Improving (translation: reducing) your email bounce rate is imperative to your sender reputation and your overall email marketing strategy. If you notice your bounce rate crawling skyward to 5% or even 10%, it’s a clear sign you need to make an immediate change.

Below, we offer a few tips to improve email delivery and reduce your bounce rate: 

1. Implement a Double Opt-In 

Email bounce rate: Gumbamail Mail merge

Asking recipients’ permission to email them isn’t just polite — it’s a legal requirement. The CAN-SPAM Act put in place by the Federal Trade Commission (FTC) states strict guidelines for how and when you send mass emails. First and foremost, the recipient must grant permission for you to email them in the first place. Therefore, you should avoid using any purchased email lists, or emailing any person without their consent.

If you notice your bounce rate climbing, consider a double opt-in strategy. After a new subscriber joins your list through a signup form, send them a confirmation email where they acknowledge their subscription. 

2. Honor All Unsubscribes 

Another aspect of the CAN-SPAM act is this: You must honor all unsubscribes, immediately. 

When someone unsubscribes from an email campaign, immediately remove them from your contact list. Failure to do so will result in increased bounced emails, and getting your account flagged as spam. To help with this process, be sure to use an email automation software that automatically removes unsubscribes, thereby preventing manual work and a potential misstep. 

3. Double-Check Your Media Files 

Gumbamail template editor

Soft bounces happen when media files are too large for a recipient’s email filters. Therefore, when sending messages with photos, GIFs, PDFs, or attachments, ensure you reduce file sizes before sending.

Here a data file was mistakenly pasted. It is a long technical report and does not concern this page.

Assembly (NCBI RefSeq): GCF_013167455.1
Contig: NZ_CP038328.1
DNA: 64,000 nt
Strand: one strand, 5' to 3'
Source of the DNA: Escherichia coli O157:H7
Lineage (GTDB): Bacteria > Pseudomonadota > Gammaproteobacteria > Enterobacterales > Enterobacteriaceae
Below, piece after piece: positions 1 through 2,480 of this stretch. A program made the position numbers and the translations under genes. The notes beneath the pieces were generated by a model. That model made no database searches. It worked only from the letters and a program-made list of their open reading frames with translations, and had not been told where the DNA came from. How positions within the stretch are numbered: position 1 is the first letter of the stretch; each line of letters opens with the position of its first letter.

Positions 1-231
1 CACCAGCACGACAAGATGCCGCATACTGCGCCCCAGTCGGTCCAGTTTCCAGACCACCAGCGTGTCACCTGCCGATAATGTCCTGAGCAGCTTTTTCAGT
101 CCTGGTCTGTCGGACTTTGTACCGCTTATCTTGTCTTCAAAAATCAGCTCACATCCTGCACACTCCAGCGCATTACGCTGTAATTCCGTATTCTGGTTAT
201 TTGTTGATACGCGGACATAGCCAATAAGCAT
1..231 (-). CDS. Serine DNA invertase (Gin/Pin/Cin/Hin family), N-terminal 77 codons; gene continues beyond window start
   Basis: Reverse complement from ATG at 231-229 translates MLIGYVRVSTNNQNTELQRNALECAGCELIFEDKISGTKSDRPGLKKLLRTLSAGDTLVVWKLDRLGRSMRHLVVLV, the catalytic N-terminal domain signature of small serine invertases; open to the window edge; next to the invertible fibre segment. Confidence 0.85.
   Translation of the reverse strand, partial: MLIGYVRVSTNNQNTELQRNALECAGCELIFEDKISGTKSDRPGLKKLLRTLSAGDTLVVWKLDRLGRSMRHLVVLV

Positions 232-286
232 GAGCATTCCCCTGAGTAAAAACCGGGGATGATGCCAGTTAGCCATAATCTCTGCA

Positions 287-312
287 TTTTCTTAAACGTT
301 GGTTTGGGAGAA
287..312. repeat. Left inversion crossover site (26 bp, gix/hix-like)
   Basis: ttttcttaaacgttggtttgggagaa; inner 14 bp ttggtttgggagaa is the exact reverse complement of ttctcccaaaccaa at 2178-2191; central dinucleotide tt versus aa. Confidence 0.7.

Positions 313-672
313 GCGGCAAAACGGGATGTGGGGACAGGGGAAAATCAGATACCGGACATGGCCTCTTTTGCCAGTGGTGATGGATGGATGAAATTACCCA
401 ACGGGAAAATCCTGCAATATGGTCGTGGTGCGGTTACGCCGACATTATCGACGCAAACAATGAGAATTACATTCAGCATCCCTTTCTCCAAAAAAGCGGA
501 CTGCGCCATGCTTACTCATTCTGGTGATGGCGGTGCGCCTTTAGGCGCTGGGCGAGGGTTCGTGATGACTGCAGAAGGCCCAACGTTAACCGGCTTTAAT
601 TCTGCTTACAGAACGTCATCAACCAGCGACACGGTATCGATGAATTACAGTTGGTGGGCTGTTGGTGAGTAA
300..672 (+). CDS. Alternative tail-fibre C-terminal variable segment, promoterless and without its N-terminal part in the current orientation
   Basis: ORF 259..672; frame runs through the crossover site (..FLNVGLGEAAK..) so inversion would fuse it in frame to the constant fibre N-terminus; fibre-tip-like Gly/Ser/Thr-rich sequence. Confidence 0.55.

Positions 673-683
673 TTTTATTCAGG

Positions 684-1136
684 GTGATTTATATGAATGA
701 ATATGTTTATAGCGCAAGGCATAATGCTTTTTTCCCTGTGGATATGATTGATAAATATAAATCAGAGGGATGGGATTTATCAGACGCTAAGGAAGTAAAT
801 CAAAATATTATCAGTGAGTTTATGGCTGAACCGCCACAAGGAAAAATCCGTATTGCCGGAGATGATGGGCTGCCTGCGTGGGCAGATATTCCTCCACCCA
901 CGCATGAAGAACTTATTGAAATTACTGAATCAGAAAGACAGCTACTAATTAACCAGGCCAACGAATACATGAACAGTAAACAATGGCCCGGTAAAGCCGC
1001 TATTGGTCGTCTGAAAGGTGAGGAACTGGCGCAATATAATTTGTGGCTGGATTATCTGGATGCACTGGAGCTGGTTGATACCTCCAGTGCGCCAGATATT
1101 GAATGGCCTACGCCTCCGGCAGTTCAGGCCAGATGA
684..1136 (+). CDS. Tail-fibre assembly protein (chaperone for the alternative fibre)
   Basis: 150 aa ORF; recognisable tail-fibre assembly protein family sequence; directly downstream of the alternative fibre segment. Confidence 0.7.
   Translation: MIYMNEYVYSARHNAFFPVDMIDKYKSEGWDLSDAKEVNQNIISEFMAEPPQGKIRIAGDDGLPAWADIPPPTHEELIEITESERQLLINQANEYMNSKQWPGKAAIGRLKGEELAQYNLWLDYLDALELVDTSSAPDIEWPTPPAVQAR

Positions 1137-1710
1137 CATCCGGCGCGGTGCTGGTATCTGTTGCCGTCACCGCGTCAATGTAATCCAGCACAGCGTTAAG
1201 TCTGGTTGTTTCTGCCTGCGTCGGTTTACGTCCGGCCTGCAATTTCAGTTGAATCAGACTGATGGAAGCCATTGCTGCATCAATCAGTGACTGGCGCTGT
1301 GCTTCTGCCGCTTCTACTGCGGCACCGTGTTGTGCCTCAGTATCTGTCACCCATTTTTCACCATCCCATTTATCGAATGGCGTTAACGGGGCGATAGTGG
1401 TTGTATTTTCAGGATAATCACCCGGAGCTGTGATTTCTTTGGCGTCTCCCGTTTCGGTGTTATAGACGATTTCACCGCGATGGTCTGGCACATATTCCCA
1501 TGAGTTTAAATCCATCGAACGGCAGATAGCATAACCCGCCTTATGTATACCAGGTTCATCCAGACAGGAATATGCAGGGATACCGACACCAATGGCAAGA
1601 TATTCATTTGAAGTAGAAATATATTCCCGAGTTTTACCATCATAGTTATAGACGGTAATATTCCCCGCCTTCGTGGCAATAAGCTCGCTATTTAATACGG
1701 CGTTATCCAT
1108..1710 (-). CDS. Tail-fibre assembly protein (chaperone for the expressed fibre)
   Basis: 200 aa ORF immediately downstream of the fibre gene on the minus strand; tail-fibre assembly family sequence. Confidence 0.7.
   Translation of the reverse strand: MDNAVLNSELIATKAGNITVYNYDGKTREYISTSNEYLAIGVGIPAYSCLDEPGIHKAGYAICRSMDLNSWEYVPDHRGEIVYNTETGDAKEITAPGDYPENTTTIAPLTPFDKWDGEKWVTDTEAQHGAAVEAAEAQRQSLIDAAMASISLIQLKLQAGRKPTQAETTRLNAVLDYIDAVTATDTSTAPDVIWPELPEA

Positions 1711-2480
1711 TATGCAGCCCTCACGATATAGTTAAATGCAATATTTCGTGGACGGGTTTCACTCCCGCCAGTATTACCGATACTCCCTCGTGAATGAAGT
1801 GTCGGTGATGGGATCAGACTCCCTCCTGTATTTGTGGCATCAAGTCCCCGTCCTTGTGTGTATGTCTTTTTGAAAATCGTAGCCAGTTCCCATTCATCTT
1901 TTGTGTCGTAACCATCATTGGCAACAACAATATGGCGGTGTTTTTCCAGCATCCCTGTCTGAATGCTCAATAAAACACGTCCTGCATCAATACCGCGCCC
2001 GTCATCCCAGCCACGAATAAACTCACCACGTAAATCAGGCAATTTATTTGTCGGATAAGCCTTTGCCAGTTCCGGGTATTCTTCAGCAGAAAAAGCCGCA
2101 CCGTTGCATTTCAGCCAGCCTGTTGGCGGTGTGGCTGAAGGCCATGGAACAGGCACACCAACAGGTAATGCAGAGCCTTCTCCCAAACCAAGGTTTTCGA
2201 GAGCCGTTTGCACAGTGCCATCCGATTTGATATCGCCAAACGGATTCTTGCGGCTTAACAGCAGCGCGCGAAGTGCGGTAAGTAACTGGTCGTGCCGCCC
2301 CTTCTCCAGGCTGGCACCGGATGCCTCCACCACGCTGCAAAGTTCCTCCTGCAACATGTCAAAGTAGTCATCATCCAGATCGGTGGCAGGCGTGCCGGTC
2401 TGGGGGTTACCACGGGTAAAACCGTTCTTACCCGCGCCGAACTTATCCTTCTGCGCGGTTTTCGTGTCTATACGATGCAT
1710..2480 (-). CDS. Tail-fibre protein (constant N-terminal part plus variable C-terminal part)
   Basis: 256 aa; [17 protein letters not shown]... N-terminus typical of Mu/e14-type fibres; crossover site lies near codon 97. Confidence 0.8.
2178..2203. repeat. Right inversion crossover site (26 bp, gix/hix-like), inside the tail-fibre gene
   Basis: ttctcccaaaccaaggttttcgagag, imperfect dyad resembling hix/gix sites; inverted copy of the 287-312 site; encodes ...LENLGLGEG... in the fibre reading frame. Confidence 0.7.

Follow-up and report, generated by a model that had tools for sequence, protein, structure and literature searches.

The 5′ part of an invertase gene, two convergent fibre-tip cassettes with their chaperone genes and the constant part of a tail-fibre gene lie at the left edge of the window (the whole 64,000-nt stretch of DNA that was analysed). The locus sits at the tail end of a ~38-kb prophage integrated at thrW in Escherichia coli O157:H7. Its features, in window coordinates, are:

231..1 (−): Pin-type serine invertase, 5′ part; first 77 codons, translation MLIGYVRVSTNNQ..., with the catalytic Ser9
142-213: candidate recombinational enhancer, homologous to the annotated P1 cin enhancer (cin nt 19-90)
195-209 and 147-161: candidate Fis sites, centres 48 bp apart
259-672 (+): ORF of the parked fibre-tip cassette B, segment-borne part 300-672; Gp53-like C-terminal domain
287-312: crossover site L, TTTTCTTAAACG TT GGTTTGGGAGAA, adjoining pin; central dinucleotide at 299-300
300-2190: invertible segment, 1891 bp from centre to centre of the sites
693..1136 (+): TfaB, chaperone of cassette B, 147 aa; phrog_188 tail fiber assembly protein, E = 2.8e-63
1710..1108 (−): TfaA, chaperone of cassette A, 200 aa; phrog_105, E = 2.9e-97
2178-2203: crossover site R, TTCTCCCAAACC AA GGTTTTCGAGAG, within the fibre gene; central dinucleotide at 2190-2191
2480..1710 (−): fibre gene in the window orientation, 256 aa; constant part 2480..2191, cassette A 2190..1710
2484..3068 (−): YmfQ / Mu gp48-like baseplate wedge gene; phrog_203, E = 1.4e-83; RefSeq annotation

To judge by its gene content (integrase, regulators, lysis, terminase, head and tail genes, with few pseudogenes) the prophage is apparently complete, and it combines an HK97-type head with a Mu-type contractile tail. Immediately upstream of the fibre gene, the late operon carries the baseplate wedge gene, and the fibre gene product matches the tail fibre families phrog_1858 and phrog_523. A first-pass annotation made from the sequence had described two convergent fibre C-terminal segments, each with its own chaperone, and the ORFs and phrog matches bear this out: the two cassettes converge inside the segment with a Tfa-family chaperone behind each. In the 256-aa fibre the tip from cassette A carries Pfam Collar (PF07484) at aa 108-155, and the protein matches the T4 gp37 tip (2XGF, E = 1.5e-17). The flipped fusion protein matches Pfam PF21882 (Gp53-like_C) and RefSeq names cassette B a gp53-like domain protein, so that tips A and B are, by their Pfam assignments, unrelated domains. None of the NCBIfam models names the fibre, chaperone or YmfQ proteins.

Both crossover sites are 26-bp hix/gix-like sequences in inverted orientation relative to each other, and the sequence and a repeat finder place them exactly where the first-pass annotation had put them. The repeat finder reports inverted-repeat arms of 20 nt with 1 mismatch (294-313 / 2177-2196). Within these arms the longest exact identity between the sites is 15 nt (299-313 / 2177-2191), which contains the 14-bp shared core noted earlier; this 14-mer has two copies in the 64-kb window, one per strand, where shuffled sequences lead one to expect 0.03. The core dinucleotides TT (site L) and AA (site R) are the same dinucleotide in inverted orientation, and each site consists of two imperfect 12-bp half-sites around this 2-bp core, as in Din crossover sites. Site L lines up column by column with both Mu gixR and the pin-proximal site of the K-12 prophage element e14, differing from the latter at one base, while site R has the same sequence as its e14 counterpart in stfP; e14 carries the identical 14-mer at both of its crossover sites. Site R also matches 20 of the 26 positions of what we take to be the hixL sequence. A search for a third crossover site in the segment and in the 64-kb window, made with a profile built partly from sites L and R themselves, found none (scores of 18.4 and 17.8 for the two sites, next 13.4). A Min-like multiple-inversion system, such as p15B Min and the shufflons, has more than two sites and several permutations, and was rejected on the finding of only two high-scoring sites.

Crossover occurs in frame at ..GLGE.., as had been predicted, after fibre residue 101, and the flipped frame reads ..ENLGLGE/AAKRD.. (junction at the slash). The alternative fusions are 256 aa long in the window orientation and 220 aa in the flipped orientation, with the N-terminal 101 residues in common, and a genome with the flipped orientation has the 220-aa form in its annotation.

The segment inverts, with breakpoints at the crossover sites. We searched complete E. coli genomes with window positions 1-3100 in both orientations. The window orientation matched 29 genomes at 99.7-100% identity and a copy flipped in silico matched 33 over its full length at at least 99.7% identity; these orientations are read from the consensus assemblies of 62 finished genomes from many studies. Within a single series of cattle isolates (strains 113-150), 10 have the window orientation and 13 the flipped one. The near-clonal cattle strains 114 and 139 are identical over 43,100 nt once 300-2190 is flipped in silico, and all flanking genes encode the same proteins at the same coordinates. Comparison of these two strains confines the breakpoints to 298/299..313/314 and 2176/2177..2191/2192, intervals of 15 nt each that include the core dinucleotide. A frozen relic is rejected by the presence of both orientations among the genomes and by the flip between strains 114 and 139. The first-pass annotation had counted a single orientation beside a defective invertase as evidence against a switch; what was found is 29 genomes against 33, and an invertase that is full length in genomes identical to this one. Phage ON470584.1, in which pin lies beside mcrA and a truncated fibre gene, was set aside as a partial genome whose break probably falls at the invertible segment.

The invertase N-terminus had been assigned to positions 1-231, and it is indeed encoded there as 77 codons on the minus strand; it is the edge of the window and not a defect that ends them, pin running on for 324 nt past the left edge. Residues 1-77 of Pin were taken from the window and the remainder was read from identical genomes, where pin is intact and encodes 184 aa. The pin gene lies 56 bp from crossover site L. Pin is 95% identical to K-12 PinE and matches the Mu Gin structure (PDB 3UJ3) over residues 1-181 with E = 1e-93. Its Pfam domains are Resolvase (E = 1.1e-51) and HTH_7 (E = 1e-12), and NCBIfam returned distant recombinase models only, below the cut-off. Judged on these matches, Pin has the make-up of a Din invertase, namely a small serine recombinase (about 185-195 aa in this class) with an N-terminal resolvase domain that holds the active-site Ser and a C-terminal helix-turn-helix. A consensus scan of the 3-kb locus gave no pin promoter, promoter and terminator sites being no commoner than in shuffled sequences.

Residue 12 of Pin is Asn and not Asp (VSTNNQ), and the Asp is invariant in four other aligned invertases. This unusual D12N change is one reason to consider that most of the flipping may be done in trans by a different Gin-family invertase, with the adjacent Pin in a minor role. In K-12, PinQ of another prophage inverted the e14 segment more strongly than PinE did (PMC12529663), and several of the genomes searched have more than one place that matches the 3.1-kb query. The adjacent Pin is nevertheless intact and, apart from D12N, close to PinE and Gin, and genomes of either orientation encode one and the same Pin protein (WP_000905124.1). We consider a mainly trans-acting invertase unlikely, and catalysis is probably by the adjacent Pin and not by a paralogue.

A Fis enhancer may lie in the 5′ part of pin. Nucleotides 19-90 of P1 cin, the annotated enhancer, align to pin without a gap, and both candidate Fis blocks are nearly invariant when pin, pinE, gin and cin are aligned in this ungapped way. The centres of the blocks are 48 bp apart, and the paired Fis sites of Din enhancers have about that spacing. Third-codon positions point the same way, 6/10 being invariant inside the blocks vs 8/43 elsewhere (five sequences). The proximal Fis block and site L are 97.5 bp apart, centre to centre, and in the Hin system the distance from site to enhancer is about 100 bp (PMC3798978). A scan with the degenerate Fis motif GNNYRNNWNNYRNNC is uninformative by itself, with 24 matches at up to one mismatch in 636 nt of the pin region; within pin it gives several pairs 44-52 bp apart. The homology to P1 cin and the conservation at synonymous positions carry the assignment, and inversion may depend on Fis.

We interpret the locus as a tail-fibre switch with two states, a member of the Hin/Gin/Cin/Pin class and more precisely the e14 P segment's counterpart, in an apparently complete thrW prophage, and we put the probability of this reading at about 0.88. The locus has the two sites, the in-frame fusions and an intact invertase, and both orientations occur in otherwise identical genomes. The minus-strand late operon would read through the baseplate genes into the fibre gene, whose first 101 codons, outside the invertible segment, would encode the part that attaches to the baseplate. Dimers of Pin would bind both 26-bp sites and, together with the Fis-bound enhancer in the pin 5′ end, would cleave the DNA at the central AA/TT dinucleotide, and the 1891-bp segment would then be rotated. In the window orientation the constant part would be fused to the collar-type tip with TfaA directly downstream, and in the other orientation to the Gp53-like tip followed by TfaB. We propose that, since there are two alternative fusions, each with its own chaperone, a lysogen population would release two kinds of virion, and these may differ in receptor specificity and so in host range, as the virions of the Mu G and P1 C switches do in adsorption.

To help ensure your media file sizes are acceptable to your recipients’ email servers, be sure to use an email service provider which offers free, pre-designed templates. Many templates resize your images and other files automatically, bringing a large file (e.g., 2500 pixels on the long edge) down to something that’s easier to download (with an 800-1200 pixel width). 

4. Avoid Spammy Content

Email bounce rate: Gumbamail campaign summary

As a marketer, removing unsubscribes or invalid email addresses from your list is easy. Here’s what can be more difficult: Ensuring you continuously send high-quality content within every email marketing campaign.

High-quality content is more than removing typos, writing an engaging subject line, or personalizing the salutation. Instead, before you send a single email, ask yourself, “If I were the recipient, would I find this information valuable?” Tailor your email messages to your target audience, drafting content that helps them solve a unique problem. After each campaign, keep tabs on engagement rates and other metrics to determine how your campaign performed.

To help ensure you’re continuously sending engaging content, sign up for an email automation software that provides built-in reporting metrics. That way, you can track whether certain campaigns lead to an acceptable bounce rate over a long period of time. 

Use Gumbamail to Help Reduce Your Email Bounce Rate 

​An email bounce rate is a benchmark marketers use to track how many emails failed to be received by the intended recipient. While some bounces can be caused by a technical issue (such as an offline server), others can be a clear sign that an email sender has been flagged by spam filters. 

​If you notice a high email bounce rate within your list, it’s time to make some changes. Ensure you’re only emailing valid email addresses, implement a double opt-in strategy, reduce your image sizes, and strictly send high-quality content.

To help reduce your bounce rate, consider making the switch to Gumbamail. Gumbamail is an email automation platform that works with your existing Gmail account. Gumbamail comes with built-in advanced reporting metrics, 800+ predesigned templates, and automatic unsubscribe links to help ensure a healthy list. To see how Gumbamail can help transform your email marketing strategy, download the free plugin today.